Your Business and Social Media: Some No No’s to Keep in Mind

A lot of articles and videos on the Internet tell you what you should do to succeed in using social media for your business – but there are not many out there that tell you what you should NOT do.

I have many clients, friends and readers that have asked me what are the NO NO’s when using social media for your business.

Social media etiquette and best practice should be first thing on the list to learn if you decide to start social media marketing for your business.

Some of the points mentioned below might work for your business in some cases – this is my personal opinion, and I would love to hear your experiences in the comments below. If ‘No No’s’ are working for your business, it would be great to hear your story.

 

1: Thinking social media is a place for your business to share everything that YOU like

I still see many companies that fail in their social media efforts, because they struggle to understand that what you share and talk about on your social media pages is NOT all about you and what YOU like.

It is your space to share your products, services, successes and the things that you as a company agree with or like – but you have to remember everyone has different opinions, likes and dislikes too. Make your fans, followers and customers happy – feed them good content that entertains, informs or educates them.

 

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Not talking WITH them but AT them is a No No. Connect with your audience on their level; find out what they like by asking questions, testing different content and finding what works. You will not succeed overnight with 100+ likes or shares on all your content – it takes time, be patient.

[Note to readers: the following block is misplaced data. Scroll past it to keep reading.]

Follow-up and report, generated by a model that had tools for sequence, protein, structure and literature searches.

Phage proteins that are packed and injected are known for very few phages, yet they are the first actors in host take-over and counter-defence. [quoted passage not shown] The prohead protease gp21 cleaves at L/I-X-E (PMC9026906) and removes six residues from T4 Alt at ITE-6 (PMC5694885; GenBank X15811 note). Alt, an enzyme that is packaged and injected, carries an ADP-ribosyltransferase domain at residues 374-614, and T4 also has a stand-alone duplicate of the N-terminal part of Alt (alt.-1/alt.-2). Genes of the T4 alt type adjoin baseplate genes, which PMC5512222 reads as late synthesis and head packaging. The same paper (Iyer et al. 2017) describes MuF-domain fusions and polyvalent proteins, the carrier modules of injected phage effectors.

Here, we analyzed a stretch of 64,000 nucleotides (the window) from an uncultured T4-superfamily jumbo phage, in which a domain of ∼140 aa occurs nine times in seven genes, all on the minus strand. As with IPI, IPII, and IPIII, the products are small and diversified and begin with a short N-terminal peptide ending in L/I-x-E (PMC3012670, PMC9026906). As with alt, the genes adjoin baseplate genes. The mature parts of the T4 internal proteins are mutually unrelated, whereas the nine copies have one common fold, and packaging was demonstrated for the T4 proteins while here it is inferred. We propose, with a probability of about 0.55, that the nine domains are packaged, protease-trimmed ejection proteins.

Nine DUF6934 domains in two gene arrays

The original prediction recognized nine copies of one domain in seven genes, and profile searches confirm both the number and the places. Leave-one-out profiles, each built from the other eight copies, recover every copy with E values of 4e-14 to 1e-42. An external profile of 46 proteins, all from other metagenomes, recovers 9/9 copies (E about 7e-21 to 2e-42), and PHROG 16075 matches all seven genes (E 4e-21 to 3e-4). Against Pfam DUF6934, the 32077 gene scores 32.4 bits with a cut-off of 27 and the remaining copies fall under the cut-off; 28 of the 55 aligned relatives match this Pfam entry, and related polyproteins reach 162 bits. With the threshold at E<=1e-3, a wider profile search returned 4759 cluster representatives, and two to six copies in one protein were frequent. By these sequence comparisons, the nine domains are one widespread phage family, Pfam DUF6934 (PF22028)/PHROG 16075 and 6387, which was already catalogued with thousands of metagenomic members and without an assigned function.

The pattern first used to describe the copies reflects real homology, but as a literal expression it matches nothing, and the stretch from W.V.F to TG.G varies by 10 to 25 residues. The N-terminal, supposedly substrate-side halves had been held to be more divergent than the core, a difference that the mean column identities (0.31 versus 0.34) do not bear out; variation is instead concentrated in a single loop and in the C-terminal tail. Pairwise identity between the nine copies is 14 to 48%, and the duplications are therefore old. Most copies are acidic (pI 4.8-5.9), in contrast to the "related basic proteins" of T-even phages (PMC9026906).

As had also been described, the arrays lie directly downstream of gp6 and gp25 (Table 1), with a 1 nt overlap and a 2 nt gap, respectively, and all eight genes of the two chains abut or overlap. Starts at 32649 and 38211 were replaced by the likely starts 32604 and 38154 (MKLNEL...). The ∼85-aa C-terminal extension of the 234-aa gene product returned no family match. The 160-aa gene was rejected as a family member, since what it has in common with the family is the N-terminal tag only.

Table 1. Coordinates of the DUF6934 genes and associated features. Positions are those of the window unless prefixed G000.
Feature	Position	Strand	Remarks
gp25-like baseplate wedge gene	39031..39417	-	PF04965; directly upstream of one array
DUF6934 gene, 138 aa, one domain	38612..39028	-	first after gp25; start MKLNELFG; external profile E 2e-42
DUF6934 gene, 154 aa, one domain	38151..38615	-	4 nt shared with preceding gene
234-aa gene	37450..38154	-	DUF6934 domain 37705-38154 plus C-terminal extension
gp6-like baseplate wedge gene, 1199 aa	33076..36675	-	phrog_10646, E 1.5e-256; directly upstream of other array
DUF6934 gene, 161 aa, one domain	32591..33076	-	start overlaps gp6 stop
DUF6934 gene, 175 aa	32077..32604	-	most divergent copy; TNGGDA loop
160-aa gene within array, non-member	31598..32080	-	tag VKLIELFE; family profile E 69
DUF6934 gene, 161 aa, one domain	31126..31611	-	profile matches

2: Not having a dedicated member or team in charge of social media on a daily basis

Producing content, coming up with ideas, staying ahead with the trends and graphic design all takes time. If you want to be successful you need an employee or team, depending on the size of your business that deals with your social media as their designated job.

If there is one thing social media requires a lot of: time! After all the content is out of the way, engagement has to happen – comments that needs replying to, conversations that need to happen and customers’ needs that has to be addressed. And when all this is done, listening has to happen too. You have to track your competitors and what is being said about your company by using tools like Hootsuite, where you can set up streams to look for specific keywords.

‘Doing’ social media is much more than just posting a picture or sharing a piece of content for the day. Don’t employ someone to do your accounts, social media and admin – you will ‘pay more’ in the long run.

 

3: Not having a social media policy in place for employees